Update from a recent literature - Scientists believe they now understand the mechanism behind Long-Term Lyme Disease Symptoms

A publication was released in Nature on the 13th of February 2022 suggesting that dead fragments of Borrelia burgdorferi, the bacterium that causes Lyme disease, continue to hang around in the body and can cause unhealthy inflammation condition in the central and peripheral nervous systems even after treatment.

This could explain why some people who get Lyme disease don't make a full recovery after taking antibiotics and experience ongoing pain, fatigue, trouble with their cognitive thinking, joint pain, headache, lower back pain, irritability, troubles with their cognitive thinking, sleep issues, depression, and even intestinal problems. This condition is also known as Post-Treatment Lyme Disease Syndrome (PTLDS).

Post-Treatment Lyme Disease Syndrome is still controversial today and there's currently no proven treatment.

In this study, the researchers applied fragment of B. burgdorferi on nervous system tissue extracted from euthanized rhesus macaque monkeys, and they observed the effects on both the frontal cortex in the brain and the dorsal root ganglion in the spinal column.

They found that inflammatory cytokines were dysregulated and reported several times higher in samples exposed to B. burgdorferi than in samples exposed to live bacteria. And as a consequence, to this cytokine storm the dead bacteria also caused cell death in brain neurons.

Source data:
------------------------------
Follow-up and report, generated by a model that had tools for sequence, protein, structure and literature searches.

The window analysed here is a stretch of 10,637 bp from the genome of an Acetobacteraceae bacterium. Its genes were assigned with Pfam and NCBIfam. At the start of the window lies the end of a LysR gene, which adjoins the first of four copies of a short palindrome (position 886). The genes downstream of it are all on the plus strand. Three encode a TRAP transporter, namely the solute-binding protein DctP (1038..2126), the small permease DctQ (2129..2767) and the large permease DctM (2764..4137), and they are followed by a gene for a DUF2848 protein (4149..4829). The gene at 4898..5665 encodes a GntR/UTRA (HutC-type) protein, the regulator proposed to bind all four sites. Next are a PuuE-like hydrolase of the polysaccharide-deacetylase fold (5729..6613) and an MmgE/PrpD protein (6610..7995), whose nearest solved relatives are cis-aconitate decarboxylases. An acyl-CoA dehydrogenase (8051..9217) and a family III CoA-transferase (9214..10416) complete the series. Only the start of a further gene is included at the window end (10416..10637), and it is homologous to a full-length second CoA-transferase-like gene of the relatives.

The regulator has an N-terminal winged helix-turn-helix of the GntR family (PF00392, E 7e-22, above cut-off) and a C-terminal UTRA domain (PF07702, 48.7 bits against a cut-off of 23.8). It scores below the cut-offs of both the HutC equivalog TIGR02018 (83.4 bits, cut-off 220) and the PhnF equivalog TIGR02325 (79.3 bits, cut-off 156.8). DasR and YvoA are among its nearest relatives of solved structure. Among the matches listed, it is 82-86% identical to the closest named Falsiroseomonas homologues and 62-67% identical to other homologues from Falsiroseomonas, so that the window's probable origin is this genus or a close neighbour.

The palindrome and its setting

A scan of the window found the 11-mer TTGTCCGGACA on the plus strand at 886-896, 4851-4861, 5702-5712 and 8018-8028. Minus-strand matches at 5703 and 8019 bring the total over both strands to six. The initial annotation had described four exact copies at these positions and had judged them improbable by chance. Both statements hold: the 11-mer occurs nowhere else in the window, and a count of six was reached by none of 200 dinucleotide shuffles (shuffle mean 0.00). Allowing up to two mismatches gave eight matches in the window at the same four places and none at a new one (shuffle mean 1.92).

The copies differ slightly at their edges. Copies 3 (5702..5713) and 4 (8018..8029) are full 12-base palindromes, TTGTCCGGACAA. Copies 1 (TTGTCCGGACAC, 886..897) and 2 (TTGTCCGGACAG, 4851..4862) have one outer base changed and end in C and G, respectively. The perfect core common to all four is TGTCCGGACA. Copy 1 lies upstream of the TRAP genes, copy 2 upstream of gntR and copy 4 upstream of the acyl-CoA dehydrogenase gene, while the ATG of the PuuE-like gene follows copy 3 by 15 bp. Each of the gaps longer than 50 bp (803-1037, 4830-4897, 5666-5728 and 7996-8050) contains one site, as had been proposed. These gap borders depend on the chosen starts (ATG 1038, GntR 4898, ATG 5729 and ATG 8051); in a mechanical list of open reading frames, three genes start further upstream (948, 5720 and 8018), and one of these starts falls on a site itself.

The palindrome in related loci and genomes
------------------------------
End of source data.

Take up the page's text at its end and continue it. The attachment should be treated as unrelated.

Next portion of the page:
The effect of B. burgdorferi was particularly evident in the frontal cortex, which helps coordinate movement, organize thoughts, and control working memory. Researchers even suggest that this might be where the PTLDS fully or partly originates

"As neuroinflammation is the basis of many neurological disorders, lingering inflammation in the brain due to these unresolved fragments could cause long-term health consequences… Persistence of symptoms in some patients post-treatment indicates that in a subset of these patients, B. burgdorferi fragments in the nervous system could be a cause…Such antibiotic refractive conditions need novel anti-inflammatory approaches for therapeutics." says immunologist Geetha Parthasarathy from Tulane University in Louisiana.

This study emphasizes the importance of assessing the inflammation along with the pathogen detection. Therefore, at RED Labs we offer to test for effective Borrelia presence (=> Phage test) but also for the PTLDS (=> Pro-inflammatory Cytokine panel).

Recommended further reading:

Post-Lyme disease syndrome (BÅ‚aut-Jurkowska J, Jurkowski M): “In relieving symptom rehabilitation, painkillers, anti-inflammatory and antidepressants medicines are recommended. Emotional and psychological supports are also necessary.”

Diagnosis and treatment of Lyme arthritis (Arvikar SL, Steere AC. ) & Characteristics and clinical outcomes after treatment of a national cohort of PCR-positive Lyme arthritis. (Grillon A, Scherlinger M, Boyer PH, et al): ‘the arthritis is cured and Borrelia is eradicated in most patients, but in some cases proliferative synovitis may persist for months or several years, requiring anti-inflammatory therapy.”

Lyme borreliosis (Stanek G, Wormser GP, Gray J, Strle F. Lancet.): “Management includes anti-inflammatory treatment with nonsteroidal anti-inflammatory agents, intra-articular corticosteroids, methotrexate, or synovectomy”

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